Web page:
One element of a disability discrimination claim under FEHA that plaintiff attorneys sometimes tend to overlook is whether or not the plaintiff was performing competently in the position plaintiff held. Failure to show that the plaintiff was doing her job competently with or without reasonable accommodation is a case killer.
Just ask Cynthia Lawler, a former store manager for Montblanc. She was diagnosed with psoriatic arthritis and her physician recommended that Lawler reduce her work schedule to 20 hours per week. Soon thereafter, Lawler broke her foot at home. Lawler’s employer sought additional information from her physician who recommended that Lawler not work at all for over 4 months, which meant Lawler would miss the holiday season when more hours are required and during which 1/3 of year sales occur.
Montblanc fired Lawler after concluding that Lawler could not do her job since she could not work at the store.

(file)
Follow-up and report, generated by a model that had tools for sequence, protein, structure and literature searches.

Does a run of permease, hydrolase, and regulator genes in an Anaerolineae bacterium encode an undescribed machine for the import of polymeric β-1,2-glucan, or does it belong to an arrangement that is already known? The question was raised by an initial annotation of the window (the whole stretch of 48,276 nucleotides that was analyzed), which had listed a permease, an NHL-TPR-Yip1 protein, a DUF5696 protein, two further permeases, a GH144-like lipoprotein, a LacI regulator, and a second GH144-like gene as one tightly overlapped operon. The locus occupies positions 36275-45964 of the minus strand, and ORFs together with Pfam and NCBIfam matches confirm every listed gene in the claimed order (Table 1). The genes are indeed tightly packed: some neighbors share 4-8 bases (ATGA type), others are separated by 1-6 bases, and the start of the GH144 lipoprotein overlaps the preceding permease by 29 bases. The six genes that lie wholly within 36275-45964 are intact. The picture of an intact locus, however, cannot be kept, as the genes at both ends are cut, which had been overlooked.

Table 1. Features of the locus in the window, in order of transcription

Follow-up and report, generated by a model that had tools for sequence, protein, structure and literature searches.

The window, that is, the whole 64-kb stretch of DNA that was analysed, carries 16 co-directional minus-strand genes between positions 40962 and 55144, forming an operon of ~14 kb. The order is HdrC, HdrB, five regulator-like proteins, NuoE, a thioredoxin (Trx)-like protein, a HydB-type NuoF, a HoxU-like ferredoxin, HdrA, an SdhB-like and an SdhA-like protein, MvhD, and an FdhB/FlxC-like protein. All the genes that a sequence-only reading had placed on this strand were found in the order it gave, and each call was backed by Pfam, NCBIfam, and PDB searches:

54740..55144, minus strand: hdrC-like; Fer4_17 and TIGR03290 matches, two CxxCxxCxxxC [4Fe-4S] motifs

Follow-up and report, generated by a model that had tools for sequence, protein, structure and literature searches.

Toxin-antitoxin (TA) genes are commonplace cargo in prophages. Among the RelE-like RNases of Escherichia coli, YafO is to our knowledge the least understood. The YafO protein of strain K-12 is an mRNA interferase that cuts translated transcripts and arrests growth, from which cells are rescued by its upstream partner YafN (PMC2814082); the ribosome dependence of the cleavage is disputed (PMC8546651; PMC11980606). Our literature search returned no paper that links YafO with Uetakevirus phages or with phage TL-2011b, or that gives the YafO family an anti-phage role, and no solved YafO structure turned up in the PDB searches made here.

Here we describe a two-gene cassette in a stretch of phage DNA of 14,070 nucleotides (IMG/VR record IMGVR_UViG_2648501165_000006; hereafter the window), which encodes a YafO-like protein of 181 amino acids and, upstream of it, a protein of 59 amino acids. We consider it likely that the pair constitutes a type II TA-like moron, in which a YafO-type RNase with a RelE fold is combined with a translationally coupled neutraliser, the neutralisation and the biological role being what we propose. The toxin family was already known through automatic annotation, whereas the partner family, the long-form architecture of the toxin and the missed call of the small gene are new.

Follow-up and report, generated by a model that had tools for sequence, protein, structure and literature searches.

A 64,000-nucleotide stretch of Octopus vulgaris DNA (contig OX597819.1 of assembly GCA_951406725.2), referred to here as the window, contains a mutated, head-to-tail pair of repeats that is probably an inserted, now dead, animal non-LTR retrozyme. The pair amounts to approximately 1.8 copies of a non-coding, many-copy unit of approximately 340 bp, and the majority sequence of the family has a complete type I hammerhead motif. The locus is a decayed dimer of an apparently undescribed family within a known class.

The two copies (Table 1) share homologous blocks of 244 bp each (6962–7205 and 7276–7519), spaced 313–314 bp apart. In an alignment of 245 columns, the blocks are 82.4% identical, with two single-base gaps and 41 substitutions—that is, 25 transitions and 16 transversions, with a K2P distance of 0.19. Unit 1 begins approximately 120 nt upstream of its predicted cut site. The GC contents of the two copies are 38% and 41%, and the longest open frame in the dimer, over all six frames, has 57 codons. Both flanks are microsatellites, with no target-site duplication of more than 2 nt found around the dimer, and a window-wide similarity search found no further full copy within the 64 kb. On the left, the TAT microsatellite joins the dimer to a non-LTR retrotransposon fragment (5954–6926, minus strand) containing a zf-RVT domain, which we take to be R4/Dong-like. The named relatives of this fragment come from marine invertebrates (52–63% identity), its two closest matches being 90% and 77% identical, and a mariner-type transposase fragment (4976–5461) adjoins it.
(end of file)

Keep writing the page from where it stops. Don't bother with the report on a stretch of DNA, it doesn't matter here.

Lawler sued alleging disability discrimination under FEHA, retaliation under FEHA, harassment under FEHA and intentional infliction of emotional distress.
Montblanc filed a motion for summary judgment which the court granted.
On appeal, the court upheld the summary judgment and concluded that Lawler presented no evidence that she could do her job, with or without accommodation.
One might remind the court that leave can be a reasonable accommodation (See Jensen v. Wells Fargo Bank, 85 Cal.App.4th 245, 263 (2000)). Apparently, Lawler’s lawsuit did not claim that her employer failed to make a reasonable accommodation so Lawler could do her job or that employer failed to participate in an interactive process to determine if a reasonable accommodation was available.
The court noted that after Lawler was fired, she never sought other employment and had applied for Social Security disability benefits.
The lesson here for plaintiffs is to present solid evidence that plaintiff can do the job, with or without accommodation.
Lawler v. Montblanc North America, LLC, 2013 WL 135752, ____F.3d____ (2013).